Rare Pterosaur Fossils

Why Pterosaur Fossils Are So Rare

In 1784 the Italian naturalist, Cosimo Collini, discovered and described the first pterosaur fossil. However, Collini misinterpreted his find, believing that he had discovered a seagoing creature that used its long front limbs as flippers. It was not until 1801 that Georges Cuvier realized that pterosaurs were actual flying creatures. Pterosaur is derived from the Greek word meaning “winged lizard”. Although often referred to in the media and by the general public as a flying dinosaur, technically, a pterosaur is not a dinosaur. The pterosaur was the first vertebrate to have evolved the ability to fly. Certain larger species of pterosaurs are considered the largest flying creatures to have ever lived on our planet. Pterosaurs were found on the Earth from the late Triassic to the end of the Cretaceous Period.

The anatomy of a pterosaur was highly modified from that of their reptilian ancestors to enable flight. Like birds, pterosaur had bones that were hollow and air-filled, a keeled breastbone that was developed for the attachment of flight muscles and an enlarged brain. Not surprising, all of these adaptations are generally associated with the ability to fly. The wing of the pterosaur were formed primarily from a membrane of skin and muscle that stretched from the ankle to an elongated fourth finger. The pterosaur had a tail, the length varying with the species. Most pterosaur had elongated jaws, some with sharp teeth and some toothless species with more of a beak. However, in only a few cases were these keratinous beaks preserved in the fossil record. Pterosaurs are also well-known for having elaborate crests that incorporated keratinous or other soft tissue extensions with the bony crest base. However, such soft tissues do not fossilize as often as bone. In some cases, the extent of these crests were only uncovered using ultraviolet photography.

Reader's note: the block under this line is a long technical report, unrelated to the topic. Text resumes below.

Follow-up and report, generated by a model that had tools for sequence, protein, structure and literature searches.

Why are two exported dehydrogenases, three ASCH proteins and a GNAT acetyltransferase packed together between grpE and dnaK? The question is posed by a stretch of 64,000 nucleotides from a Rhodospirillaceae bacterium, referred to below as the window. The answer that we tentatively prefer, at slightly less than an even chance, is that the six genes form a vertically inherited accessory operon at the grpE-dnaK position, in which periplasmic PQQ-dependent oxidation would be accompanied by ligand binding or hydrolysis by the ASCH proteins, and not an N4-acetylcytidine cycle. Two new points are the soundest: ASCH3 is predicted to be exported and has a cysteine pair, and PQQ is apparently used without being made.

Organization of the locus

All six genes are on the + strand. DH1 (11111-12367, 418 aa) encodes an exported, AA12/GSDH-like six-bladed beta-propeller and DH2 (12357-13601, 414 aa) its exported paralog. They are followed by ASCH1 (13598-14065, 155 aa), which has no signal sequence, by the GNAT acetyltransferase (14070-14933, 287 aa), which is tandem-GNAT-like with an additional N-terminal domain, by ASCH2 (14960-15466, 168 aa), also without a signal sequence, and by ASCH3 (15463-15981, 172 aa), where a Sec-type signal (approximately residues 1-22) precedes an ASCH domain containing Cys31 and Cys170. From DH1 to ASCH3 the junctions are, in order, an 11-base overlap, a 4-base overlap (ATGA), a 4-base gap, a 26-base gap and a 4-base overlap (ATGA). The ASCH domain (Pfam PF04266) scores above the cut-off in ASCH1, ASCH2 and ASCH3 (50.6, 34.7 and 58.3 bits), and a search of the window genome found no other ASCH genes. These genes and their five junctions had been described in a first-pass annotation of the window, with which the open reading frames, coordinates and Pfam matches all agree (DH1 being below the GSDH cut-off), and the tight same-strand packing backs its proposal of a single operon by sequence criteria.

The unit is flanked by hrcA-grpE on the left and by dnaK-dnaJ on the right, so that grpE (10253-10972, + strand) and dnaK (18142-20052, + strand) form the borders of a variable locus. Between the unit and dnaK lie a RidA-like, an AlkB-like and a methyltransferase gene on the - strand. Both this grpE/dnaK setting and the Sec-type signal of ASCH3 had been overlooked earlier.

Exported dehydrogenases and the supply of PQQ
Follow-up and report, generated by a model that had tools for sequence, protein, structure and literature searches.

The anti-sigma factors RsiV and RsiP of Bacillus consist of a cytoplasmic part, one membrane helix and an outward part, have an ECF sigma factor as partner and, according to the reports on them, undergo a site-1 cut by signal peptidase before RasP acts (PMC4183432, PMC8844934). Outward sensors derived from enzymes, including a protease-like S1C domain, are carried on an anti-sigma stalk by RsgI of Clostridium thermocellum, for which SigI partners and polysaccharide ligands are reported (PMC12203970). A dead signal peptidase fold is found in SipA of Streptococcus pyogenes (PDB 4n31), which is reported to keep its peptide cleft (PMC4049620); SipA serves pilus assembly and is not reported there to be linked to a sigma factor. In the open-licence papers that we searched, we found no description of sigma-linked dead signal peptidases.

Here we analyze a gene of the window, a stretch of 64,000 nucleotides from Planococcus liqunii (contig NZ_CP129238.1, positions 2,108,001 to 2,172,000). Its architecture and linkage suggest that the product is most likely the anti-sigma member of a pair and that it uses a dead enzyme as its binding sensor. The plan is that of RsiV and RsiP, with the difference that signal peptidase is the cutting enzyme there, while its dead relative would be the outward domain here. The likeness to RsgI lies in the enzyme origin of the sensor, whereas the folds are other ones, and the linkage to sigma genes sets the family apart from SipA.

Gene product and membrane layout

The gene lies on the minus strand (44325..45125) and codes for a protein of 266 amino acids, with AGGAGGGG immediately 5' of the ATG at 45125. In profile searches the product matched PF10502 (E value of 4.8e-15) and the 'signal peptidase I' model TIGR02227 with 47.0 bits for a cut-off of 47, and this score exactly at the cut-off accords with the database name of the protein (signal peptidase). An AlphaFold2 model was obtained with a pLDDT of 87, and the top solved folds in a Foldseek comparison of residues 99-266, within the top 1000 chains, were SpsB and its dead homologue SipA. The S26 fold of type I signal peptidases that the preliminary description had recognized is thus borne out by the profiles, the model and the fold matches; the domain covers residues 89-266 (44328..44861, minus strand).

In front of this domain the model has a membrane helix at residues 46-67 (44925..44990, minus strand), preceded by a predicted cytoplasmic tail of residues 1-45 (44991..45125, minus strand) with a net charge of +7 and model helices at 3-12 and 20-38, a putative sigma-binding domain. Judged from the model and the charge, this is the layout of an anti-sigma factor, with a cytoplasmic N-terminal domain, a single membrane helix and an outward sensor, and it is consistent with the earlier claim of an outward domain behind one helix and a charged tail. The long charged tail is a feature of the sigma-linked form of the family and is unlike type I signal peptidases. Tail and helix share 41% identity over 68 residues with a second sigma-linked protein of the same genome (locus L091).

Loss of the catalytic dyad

Fossilized pterosaur eggs are also very rare. The first known pterosaur egg was found in the quarries of Liaoning, the same place that yielded the famous feathered dinosaurs. The egg was squashed flat with no signs of cracking, suggesting that pterosaur eggs had leathery shells, like modern lizards. Another pterosaur egg described in 2011 also had a leathery shell. Like modern reptiles but unlike birds, the pterosaur eggs were fairly small compared to the size of the mother. A study of the pterosaur eggshell structure and chemistry published in 2007 suggest that pterosaurs probably buried their eggs, like modern crocodiles and turtles.

Amazingly, fossils of pterosaurs just several days old (called flaplings) have been found, as well as preserved pterosaur embryos. The latter had well developed wing membranes, suggesting pterosaurs were ready to fly soon after birth. The bones of the young pterosaur show a relatively high degree of hardening (ossification) for their age, and wing proportions of young pterosaurs are similar to that of adults. In fact, many pterosaur flaplings had been considered adults and placed in separate species in the past. Additionally, flapling fossils are normally found in the same sediments as adults and juveniles of the same species, while all were found in deep aquatic environment far from shore.

Few pterosaurs lived close to the areas where fossils tend to form. The fragile bones of the pterosaur preserved poorly, so pterosaur fossils are frequently incomplete. To form a picture of a particular species, paleontologists must often gather information from several fossils, or draw conclusions from related pterosaurs that are better known.

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